Before the match, all the players have their eyes taped shut. They quietly cluster together at the edge of the field, shoulder to shoulder, their heads bowed, as if they are checking whether they can see the artificial turf beneath their feet. The coach approaches and they turn their faces and closed eyes toward him in a gesture born of habit and trust. The coach affixes large adhesive bandages over their eyes and then carefully makes sure all the edges are sealed down.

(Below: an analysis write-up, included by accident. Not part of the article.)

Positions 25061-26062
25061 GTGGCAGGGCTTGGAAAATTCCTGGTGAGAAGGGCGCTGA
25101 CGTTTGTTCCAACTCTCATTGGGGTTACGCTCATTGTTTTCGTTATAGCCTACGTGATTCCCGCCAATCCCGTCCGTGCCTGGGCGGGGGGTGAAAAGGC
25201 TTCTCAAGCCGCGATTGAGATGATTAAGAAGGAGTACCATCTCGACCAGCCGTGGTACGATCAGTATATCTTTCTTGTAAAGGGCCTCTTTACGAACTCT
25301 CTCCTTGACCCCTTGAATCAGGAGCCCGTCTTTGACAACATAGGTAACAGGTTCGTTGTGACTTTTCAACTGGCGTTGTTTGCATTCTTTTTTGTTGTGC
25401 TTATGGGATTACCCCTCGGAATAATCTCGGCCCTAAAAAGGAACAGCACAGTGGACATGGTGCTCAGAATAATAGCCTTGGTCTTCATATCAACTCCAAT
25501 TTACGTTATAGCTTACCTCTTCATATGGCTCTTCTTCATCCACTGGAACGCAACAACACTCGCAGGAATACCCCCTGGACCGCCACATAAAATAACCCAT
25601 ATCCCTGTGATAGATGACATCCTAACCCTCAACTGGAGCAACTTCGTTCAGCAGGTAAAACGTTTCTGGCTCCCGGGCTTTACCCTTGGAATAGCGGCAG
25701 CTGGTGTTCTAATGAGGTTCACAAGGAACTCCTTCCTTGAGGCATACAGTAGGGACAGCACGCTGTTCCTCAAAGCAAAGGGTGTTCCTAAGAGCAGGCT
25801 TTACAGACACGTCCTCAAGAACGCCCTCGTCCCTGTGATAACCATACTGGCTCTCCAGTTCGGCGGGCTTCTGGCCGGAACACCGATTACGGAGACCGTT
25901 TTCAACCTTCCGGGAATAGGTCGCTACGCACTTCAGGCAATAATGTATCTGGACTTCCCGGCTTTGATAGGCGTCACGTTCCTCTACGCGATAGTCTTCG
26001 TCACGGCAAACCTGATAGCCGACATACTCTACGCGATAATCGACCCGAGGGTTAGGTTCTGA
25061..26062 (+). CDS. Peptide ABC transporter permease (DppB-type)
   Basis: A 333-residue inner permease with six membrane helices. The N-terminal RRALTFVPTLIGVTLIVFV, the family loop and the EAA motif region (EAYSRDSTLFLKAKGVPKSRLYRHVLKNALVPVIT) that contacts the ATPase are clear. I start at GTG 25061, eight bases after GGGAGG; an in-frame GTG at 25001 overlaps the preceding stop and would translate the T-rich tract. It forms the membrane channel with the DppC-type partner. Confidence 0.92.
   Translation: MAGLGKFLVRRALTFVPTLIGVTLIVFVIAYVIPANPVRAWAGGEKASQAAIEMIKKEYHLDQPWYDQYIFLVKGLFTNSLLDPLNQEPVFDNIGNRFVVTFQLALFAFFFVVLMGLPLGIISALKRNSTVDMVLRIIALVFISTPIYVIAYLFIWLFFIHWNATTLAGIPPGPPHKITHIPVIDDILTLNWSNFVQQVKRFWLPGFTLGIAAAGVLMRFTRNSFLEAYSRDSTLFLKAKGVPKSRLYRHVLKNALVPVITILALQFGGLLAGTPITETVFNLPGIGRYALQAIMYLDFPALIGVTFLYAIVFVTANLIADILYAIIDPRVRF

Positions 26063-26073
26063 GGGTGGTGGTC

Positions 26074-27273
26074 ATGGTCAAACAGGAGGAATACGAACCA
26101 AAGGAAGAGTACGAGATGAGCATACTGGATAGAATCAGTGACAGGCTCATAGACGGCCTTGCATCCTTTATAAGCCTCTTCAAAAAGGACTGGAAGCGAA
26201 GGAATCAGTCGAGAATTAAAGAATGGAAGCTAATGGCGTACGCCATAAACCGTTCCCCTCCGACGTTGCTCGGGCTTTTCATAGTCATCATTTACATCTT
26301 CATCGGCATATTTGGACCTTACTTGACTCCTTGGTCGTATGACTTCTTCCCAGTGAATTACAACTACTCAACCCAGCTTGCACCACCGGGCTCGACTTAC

“It must really hurt when it’s torn off their eyelids, eyebrows and eyelashes,” I think, involuntarily frowning. And then I ask, “Why cover up their eyes? They’re blind as it is.”
“Not all of them,” the coach says. “Some of them can distinguish light and dark. And it’s important that everyone be on an even footing out there on the field.”
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